From the Chicago Public Library’s children’s book giveaway to the passing of a central figure in Latin American writing, here’s some of last week’s most important literary news:
Writer and activist Margaret Atwood was awarded with the 2016 PEN Pinter prize. The prize, named for playwright Harold Pinter, is given to a literary writer who casts an “‘unflinching, unswerving’ gaze upon the world and…define[s] the real truth of our lives and our societies.” Judges described Atwood as an “exemplary public intellectual” and a “consistent supporter of political causes.” As the recipient of the Pinter Prize, Atwood will select a co-winner for the prize, who will be announced this coming Fall. Atwood will spend October and November on tour for her newest novel, Hag-Seed.
Public libraries in Chicago want to get kids reading this summer. So, the eighty branches of the Chicago Public Library System hope to give away one million children’s books. Any child who signs up for the library’s summer program will receive twelve free books. Organizers of the giveaway described a “persistent lack of access to books in low-income neighborhoods,” as being a motivating factor for the event. In low-income Chicago neighborhoods, on average, the ratio of children to books is three-hundred to one. In contrast, the average middle class child owns thirteen books. The books will almost all be provided by Bernie’s Book Bank, a non-profit which seeks to increase book ownership among at-risk children.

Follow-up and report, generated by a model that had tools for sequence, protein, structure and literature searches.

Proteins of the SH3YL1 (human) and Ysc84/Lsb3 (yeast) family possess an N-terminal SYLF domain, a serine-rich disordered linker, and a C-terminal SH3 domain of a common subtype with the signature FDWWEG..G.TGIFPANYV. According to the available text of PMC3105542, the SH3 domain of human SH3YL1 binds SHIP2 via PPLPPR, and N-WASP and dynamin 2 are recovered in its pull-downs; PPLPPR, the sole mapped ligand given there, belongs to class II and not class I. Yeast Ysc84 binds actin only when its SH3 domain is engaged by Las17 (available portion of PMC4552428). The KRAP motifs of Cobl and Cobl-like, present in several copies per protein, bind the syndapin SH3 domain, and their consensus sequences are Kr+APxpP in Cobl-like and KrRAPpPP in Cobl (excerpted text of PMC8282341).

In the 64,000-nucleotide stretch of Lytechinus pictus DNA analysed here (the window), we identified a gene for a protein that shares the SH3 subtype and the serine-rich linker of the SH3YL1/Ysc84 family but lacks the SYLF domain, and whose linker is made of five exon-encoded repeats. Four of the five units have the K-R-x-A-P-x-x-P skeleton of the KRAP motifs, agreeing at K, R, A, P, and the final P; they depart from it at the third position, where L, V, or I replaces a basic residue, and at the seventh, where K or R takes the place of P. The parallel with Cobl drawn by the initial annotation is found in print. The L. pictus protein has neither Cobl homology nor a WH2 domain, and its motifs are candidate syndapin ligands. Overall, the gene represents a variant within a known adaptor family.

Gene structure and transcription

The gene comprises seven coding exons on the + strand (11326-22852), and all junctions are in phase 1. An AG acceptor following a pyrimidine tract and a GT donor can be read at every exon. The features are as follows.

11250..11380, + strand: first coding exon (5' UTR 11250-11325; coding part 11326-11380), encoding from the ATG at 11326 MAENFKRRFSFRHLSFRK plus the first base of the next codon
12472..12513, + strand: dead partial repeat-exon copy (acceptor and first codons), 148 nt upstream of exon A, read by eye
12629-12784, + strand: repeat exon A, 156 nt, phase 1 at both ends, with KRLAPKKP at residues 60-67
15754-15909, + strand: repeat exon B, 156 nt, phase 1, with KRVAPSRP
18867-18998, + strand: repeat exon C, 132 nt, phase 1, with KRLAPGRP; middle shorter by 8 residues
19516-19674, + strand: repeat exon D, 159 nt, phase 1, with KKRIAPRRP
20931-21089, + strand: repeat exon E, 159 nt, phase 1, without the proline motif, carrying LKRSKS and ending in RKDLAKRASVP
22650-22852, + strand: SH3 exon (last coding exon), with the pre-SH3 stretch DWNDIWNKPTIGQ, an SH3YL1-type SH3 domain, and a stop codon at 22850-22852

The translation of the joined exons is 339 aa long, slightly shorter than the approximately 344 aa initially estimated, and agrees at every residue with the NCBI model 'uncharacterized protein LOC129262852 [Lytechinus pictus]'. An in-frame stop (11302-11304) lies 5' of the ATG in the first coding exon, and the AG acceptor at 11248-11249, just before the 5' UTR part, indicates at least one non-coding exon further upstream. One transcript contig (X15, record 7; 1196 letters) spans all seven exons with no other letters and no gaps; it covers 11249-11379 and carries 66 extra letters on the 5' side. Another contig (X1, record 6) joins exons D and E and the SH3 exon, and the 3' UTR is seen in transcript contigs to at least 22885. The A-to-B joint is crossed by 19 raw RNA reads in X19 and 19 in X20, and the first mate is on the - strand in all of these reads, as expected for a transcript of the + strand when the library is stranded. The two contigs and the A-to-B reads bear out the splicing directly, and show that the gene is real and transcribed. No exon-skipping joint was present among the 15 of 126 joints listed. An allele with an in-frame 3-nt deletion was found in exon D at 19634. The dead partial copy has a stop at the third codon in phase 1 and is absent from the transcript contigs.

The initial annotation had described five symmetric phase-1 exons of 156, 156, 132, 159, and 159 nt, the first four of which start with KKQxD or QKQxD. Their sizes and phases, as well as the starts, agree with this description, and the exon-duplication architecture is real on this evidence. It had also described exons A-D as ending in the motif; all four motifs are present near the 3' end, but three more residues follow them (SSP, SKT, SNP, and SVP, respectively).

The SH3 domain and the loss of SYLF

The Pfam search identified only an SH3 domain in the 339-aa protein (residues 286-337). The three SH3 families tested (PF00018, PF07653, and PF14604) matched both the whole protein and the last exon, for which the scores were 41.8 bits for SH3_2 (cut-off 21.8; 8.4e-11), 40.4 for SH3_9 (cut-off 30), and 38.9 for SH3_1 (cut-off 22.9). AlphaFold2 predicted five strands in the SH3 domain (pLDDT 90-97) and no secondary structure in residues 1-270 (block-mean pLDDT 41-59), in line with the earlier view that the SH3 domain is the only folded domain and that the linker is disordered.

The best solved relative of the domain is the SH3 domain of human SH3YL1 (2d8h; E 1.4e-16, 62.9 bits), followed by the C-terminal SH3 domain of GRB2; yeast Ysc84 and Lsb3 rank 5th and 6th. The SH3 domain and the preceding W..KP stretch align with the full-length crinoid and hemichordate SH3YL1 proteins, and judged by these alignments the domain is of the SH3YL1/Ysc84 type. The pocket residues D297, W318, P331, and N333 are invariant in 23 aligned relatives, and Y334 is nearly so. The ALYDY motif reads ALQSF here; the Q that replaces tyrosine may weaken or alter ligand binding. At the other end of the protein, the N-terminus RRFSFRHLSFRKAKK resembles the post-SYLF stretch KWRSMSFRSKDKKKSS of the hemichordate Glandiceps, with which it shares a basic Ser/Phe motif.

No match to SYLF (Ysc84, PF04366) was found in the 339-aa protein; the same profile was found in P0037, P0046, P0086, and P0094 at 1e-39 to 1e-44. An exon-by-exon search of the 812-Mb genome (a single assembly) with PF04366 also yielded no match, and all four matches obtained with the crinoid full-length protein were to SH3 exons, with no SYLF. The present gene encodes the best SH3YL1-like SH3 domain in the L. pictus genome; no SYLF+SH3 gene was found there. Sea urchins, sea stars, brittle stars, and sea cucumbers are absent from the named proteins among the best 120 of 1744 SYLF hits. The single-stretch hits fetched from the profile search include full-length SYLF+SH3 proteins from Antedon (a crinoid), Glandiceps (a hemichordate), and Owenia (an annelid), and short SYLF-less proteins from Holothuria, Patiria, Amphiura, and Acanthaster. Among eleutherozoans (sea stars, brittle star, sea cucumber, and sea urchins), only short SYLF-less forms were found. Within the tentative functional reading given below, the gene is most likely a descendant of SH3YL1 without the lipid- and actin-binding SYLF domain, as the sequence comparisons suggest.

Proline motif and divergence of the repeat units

Gregory Rabassa, translator and professor at Queens college, died this past week. Rabassa was the English translator of many critical Latin American texts, including Gabriel Garcia Marquez’s One Hundred Years of Solitude. A central figure in the “boom” of Latin American authors during the 1960s, he won a National Book Award for his translation of Julio Cortazar’s Hopscotch. He is also the recipient of the National Medal of Arts (2006), and a lifetime achievement award from the PEN American Center for his contributions to Hispanic Literature. A lifelong lover of language, Rabassa would often do his translations as he read a novel for the first time, stating in a memoir that “by doing things this way, I was birthing something new and natural.” He was ninety-four years old.